That's 2 hours at 600 km/h. A flight would take longer, because of security check, getting to-from airport, waiting for luggage, etc. Also, being on a plane sucks, in my personal opinion. If a train ride was 6 hours, and a plane ride 4, I'd take the train. If it were ~8 and 4, that's where I'd start considering taking a plane.

I'd love overnight trains to come back to Europe.

> I'd love overnight trains to come back to Europe.

Are they gone? I've gone backpacking in Europe a couple times with a rail pass or tickets in the last ten years, and regularly used overnight trains.

They are in general going away. There are three problems: first, what do you do with the train during the day when nobody wants a bed (regular trains park at a station overnight and are ready to go the next morning). Second, they only are useful when the entire trip is about the length of a nights sleep - which limits the city pairs they work with (and note no changing trains in the middle of the night!). Third, how will you maintain the track if there are trains running on it.

The last is the biggest. You need to close track regularly to maintain it, and closing all tracks for 8 hours at night is the easiest for people to figure out.

If anything, they're coming back.

> first, what do you do with the train during the day when nobody wants a bed (regular trains park at a station overnight and are ready to go the next morning).

Most trains are taken (empty) to a depot for cleaning and maintenance — the schedule is generally planned around this. It's also where the drivers turn up for work, and it's easier to cope with illness etc this way.

A few trains will be left near a station to run the first train(s) towards the depot in the morning.

Nevertheless, I imagine there are places where costs have been cut to the bone, and there aren't spare sidings for a night train.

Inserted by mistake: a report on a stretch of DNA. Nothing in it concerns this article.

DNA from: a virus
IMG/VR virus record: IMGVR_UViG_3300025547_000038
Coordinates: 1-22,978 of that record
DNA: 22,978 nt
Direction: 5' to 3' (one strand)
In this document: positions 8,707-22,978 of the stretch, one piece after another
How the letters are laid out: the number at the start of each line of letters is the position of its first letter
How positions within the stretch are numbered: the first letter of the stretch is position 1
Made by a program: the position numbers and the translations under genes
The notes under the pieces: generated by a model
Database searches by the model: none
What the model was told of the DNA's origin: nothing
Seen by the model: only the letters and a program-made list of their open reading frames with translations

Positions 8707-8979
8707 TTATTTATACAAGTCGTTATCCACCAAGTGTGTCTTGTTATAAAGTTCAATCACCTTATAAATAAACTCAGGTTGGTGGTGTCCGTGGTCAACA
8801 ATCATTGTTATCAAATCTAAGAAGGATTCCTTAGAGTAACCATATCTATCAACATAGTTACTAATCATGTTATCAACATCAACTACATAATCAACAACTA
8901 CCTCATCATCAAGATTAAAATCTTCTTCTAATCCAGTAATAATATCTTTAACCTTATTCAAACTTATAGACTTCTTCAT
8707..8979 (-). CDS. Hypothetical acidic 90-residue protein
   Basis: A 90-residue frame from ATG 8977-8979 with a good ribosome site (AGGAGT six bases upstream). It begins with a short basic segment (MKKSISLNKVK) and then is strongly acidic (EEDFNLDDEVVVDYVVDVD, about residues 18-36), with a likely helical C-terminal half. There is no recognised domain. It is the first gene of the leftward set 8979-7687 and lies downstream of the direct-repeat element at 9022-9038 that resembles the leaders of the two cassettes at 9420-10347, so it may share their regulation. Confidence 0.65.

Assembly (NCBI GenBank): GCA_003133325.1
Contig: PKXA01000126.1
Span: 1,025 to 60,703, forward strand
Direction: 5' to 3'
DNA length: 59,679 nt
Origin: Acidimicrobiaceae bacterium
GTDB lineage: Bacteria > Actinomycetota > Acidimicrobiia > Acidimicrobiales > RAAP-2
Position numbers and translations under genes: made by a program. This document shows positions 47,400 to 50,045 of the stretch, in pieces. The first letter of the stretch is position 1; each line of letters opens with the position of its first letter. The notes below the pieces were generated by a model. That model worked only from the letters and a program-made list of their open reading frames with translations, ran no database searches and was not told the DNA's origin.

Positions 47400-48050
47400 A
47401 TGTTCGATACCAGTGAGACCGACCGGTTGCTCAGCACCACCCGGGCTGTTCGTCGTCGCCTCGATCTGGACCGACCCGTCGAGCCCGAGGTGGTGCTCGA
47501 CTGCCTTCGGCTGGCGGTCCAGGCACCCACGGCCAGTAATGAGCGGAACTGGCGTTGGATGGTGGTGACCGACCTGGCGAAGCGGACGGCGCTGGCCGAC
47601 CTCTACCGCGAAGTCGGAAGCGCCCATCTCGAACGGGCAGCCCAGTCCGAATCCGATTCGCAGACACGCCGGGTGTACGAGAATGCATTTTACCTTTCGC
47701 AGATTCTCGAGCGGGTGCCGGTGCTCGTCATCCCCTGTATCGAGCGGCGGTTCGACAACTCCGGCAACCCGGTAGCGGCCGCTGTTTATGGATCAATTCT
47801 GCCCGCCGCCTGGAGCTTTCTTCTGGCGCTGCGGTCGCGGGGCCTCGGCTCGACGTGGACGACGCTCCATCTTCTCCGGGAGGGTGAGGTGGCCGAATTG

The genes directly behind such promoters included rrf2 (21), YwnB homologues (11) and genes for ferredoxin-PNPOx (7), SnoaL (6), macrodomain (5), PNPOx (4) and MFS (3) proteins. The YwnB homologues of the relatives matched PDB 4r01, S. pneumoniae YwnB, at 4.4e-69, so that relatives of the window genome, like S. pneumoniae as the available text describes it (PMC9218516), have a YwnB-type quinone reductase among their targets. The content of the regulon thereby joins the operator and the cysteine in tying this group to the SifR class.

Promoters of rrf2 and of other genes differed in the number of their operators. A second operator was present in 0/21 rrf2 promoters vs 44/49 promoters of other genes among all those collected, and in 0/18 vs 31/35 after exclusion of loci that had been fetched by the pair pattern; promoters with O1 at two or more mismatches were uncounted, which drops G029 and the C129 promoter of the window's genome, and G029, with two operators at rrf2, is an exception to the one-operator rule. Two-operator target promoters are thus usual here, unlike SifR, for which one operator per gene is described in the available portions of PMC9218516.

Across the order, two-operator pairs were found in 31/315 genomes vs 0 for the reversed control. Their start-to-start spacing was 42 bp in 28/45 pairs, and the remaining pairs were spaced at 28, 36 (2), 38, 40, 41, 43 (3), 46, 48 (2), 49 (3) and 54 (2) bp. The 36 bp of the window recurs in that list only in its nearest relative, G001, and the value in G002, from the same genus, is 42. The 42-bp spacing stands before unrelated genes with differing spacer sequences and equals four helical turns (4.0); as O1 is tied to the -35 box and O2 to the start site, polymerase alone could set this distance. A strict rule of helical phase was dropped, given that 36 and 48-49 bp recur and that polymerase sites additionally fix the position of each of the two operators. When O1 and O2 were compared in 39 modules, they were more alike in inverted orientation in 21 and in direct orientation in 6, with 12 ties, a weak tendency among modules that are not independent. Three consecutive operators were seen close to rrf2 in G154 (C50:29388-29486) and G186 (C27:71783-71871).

> Third, how will you maintain the track if there are trains running on it

You plan the night train with sufficient slack in the schedule to take an alternative route. This can also help with the second point.

https://news.ycombinator.com/item?id=25420455 from 7 months ago, etc.

What routes did you take an overnight train on?

http://www.night-trains.com/ has maps, the Europe map is pretty decent (fits my experience of what exists).

> A flight would take longer, because of security check, getting to-from airport, waiting for luggage, etc.

Which is a plain idiocity. A train derailment, even of a non-high speed train, will make for a many times bigger bodycount than an even A380 crash.

No it won't. A few years ago, we had an Amtrak passenger train come off a bridge over I-5 between Olympia and Seattle at 78mph, ending up on the freeway.

Three fatalities. Seventy-two people transported to hospital.

Fun fact: I was on the first fire engine that arrived on that accident.

Source: https://en.wikipedia.org/wiki/2017_Washington_train_derailme...

Wow. I've heard firefighters are typically excited to get a call as opposed to being bored at the station, but how did you feel going into that? At the time, you can't imagine what you're about to see or what you're going to have to do...

It really was a challenge. While oftentimes the dispatch information we get can be vague or inconsistent with reality (the number of times we go on structure fire calls that are really burn barrels, or a roof steaming in the sun, or a sunset reflecting in a window...), but with something like this, 911 is getting hundreds of calls and you know it's "real".

There's a lot of adrenaline. I think even the most seasoned, salty veteran would be lying if they said they responded to that call all cool, calm and collected.

But you go back to training. Which is instilled into you as "don't train until you get it right, train until you can't get it wrong".

Scene safety. For yourself, crew, bystanders, the involved.

Resource needs. More ambulances? Cranes?